Medical Detox in New York NY (347) 923-8761
Detoxification, or the process of eliminating a drug from the body and pushing through withdrawal symptoms, is one of the most difficult and most crucial elements of recovery from an addiction. The medical detox process can be dangerous if attempted at home. The most severe withdrawal symptoms can lead to serious medical complications or even death. When performed under the supervision of qualified medical professionals, however, medical detox can be safe and provide the best results.
The first thing to understand about medical detox is that it is not the only part of addiction treatment. In fact, detoxing without further treatment can trigger a relapse, as detox only treats the physical problem of addiction without addressing the mental problems behind the addiction. The medical detox process can be tailored to each addict's specific needs, depending on the drug used and the severity of the addiction, to help them get ready for the next stages of treatment. To find out more about the treatment options and services, Drug Rehab New York NY, can help! Call us at (347) 923-8761.
Often, an addict will receive a prescription that will reduce the symptoms of withdrawal and make the detox process more comfortable. Over the course of several weeks or even months, depending on the addiction, the addict will be slowly weaned off of the prescription until they are able to function normally without any medication at all. Some of the most commonly used medications for detox include methadone and suboxone for opiate addiction (heroin, OxyContin), and antidepressants for alcoholism and addiction to stimulants such as cocaine or methamphetamines.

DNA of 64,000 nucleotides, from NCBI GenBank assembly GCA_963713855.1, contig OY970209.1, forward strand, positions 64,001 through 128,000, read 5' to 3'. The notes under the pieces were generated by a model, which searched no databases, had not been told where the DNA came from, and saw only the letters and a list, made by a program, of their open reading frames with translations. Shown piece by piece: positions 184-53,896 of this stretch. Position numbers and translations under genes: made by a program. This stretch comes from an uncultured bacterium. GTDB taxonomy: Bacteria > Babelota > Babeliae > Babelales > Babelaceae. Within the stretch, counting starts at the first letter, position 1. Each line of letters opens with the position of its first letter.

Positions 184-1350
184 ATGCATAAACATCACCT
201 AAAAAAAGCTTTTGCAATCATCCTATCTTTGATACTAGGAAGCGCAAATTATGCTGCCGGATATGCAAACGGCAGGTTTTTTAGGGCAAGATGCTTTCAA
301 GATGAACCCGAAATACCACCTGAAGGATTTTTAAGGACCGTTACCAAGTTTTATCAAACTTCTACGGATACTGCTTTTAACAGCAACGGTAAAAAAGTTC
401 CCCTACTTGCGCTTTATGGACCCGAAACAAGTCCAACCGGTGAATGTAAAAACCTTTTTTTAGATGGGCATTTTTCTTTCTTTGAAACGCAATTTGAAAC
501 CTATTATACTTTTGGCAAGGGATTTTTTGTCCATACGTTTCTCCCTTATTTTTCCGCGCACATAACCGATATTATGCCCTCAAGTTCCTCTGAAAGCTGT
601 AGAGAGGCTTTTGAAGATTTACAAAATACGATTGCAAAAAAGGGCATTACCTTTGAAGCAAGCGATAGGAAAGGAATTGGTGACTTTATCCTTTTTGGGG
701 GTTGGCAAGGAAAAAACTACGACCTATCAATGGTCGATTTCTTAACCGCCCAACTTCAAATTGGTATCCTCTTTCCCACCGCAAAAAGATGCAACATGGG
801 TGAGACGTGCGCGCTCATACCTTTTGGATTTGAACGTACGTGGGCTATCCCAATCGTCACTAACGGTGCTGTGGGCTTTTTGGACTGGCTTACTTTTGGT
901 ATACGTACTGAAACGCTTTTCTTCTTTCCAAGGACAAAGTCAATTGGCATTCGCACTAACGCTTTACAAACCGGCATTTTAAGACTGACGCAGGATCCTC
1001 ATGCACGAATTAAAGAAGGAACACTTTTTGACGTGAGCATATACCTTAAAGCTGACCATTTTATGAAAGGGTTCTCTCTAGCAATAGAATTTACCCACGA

What Else Helps an Addict Through Detox?
Medication is not the only thing that can make the medical detox process more comfortable. A clean, quiet, and relaxing environment is beneficial, and support from family and friends is vital. Some addicts find that light exercise such as walking or yoga can help ease the discomfort of withdrawal, while others prefer to lay in bed and read. Avoiding stressors is essential, as stress will almost inevitably increase an addict's desire to use.
Common Withdrawal Symptoms
Withdrawal from a drug during detox is both a physical and mental process. While every person responds to medical detox differently, many withdrawal symptoms are possible. Opiates and alcohol often produce the most severe and intense withdrawal symptoms, like:
- Nausea and vomiting
- Increased heart rate and rapid breathing
- Difficulty sleeping
- Loss of appetite
In addition, opiate withdrawal can include abdominal cramps, muscle cramps, and bone pain, while the most severe alcohol withdrawal symptoms may include hallucinations and even grand mal seizures.
Withdrawal from stimulants usually involves difficulty sleeping, depression, and irritability. Marijuana withdrawal is physically mild, including difficulty sleeping and loss of appetite, while hallucinogens like PCP, LSD, and ecstasy do not create physical dependence at all. However, the mental addiction to these drugs can be just as powerful as a physical addiction.
Medical detox can range in intensity from mildly uncomfortable to downright painful, and is often more mentally difficult than physically. However, it is an essential step on the road to recovery. No matter how hard detox may be, along with follow-up treatment it can lead to a fuller, happier life that is free from addiction.